In front of the desk where I write there are two bookcases. The one holds volumes of poetry. The other biographies.  I happened to look up–for assurance–to see if my Oscar Wilde biography was there and was pleased to see that it sat next to Justin Kaplan’s life of Walt Whitman. For I forgot that Whitman’s ghost is also a character in Oscar. As a narrator–he mentions that the events of the trial and imprisonment took place five years after Whitman had died and fifteen years after he had met Wilde in America– he seems to serve as the maitre ‘d to the pantheon of literary greats that line the wall in the first and final scenes. His brilliant white suit and steely-grey beard at a touch of gravitas, that seems to rise above the nonsense of British legality and the circus of Wilde’s trial.

In the end, Wilde dies and enters the halls of literary greatness, escorted by Whitman himself.

Dark Sisters: Polygamy, Broken Women and Song

I am going to try to write this without disparaging any religion. (Although I maintain my right to think that certain things are more than ridiculous. This is America, though, and one can usually worship however one pleases.) I am tolerant of most things as long as no one is hurt  And that is the litmus test that this particular sect fails. A sect that still believes in polygamy, in “perfect obedience” from wives, in children brought to marriage as they reach puberty–this is wrong-minded, de-humanizing and abusive.

I went to an opera Friday night–a friend’s niece was in a starring role. The opera was entitled Dark Sisters and dealt with a fictional raid on a polygamist ranch by government officials.  The raid closely paralleled similar raids that took place in the late 20th-century in southwest United States.

Written by Nico Muhly and Steven Karam, Dark Sisters opens with five wives mourning their children who have been taken from the ranch by the government. (Four hundred plus children have been removed.) The Father–the husband of these women and a supposed Prophet of God–tells them they must not mourn. They must “keep sweet.”  One of the wives, Eliza, bristles under her husband’s commands, worries for her children, and begins to doubt the rightness of their religion.

Another wife, Ruth,  is teetering on the edge of sanity. Her two young boys have died and Father has forbidden her to mourn. It is God’s will he explains. He also refused to allow her to seek medical care for the second son. (There is a hint that male children are unwanted and often put out of the compound. Sons are not breeders like the girl children and often can grow into rivals for the patriarchs.)

When Father goes out into the desert to pray, Eliza tries to make the other women realize what has happened. They refuse to believe her–although they almost come to her side–and see her as an apostate, a tool of the devil. For them the abuse, the sadness, the pain is the price they must pay in order to gain their heavenly reward where–significantly enough–they speak of joining their mothers and grandmothers, women who for generations have been part of this structure.

Eliza’s determination is hardened completely when she discovers that Father has arranged for the marriage of her fifteen year old daughter, Lucinda. She vows to speak the truth.

The second act begins with a news-magazine show covering the government’s raid on the ranch and interviewing the five wives.  The wives all parrot the beliefs of Father and their religion, proclaiming they are more free than the women in the real world, which they have never seen but only heard about from Father.  Only Eliza and Ruth dissent.  Eliza tries to speak her truth while Ruth’s testimony shows how dangerously fragile her psyche is becoming.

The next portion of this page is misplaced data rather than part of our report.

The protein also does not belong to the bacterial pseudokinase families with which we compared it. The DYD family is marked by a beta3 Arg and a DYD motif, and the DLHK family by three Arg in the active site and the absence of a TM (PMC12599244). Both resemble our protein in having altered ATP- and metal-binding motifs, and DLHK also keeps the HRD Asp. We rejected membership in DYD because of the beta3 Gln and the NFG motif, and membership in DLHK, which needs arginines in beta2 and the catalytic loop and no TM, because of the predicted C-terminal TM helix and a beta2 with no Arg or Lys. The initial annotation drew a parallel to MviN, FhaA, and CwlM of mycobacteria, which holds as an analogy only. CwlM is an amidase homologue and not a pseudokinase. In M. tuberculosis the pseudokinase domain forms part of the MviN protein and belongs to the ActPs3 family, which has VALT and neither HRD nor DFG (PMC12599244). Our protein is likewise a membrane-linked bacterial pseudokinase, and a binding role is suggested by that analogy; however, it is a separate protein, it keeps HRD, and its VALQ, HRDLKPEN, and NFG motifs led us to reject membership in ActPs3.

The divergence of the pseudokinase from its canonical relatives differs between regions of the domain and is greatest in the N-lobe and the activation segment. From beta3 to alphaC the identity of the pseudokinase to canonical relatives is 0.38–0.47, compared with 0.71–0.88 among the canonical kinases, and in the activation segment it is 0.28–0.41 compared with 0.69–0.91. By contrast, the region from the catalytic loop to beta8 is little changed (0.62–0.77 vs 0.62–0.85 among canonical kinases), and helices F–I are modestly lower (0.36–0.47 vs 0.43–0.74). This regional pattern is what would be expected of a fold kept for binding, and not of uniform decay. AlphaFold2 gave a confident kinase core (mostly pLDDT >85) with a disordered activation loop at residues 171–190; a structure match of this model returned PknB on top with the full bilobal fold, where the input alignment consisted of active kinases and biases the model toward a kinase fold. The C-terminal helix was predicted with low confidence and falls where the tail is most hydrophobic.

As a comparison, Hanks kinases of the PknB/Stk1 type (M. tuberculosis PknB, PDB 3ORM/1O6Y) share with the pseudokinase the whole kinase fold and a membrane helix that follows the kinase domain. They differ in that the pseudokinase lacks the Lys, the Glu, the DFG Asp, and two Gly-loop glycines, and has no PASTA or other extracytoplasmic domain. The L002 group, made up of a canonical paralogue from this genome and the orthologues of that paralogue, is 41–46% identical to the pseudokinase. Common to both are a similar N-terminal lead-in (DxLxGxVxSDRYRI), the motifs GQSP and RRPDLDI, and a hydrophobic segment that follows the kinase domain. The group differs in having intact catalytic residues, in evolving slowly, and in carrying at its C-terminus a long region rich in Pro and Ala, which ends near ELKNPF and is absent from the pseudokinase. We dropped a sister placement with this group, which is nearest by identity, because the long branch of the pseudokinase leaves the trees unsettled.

When the Supreme Court decides that the children must be returned to the ranch, life goes back to “normal” except for Eliza who has left.

Ruth decides-if that’s the right word in her distraught state–that she has had enough.  She climbs the mountain and throws herself off the cliff. (Eliza had hidden herself on the very same mountain as a girl on her wedding day before being found)

The last scene is Ruth’s funeral. Father and his five wives–he has replaced Eliza with a new favorite, her fifteen year old daughter–surround the grave. As they mouth their pieties, Eliza appears in modern but modest dress. She tries to convince them all of the truth of their imprisonment, but her arguments fall flat.

At last even her daughter,  whom she has tried so hard to liberate, turns against her. Taking Father’s hand, the young girl leaves her mother alone at the grave of the dead Ruth.

I know little about opera, and nothing about opera in English.  The story was riveting.  The set designs, the video pieces, the special effects were mesmerizing. And the music was beautiful and provocative.  I was not impressed with the lyrics, however. Maybe hearing an opera in English–instead of in French or in Italian or in German–takes something away from the magic and romance for a native-English speaker.  But many of the lyrics–while advancing the story–seemed artless. Commonplace. Perhaps it is simply the language.

Nevertheless, Darkest Sisters is an important piece.  For some reason, recent years have seen a surge of interest in polygamy.  There is the HBO series Big Love on television about a man and his wives and a reality-show Sister Wives that deals with a man and his four wives and combined children. Both shows deal with the difficulties of living in such large extended families, but neither really touches on the underside.

Dark Sisters does.  This is not a work debating the rightness or wrongness of government intrusion into private lives. That is not the focus of this piece.  Perhaps that is the subject for another piece. Dark Sisters focuses on a religious system where women are completely subservient, completely powerless, and –to my mind–completely brainwashed.

I don’t think anyone’s god should condone that.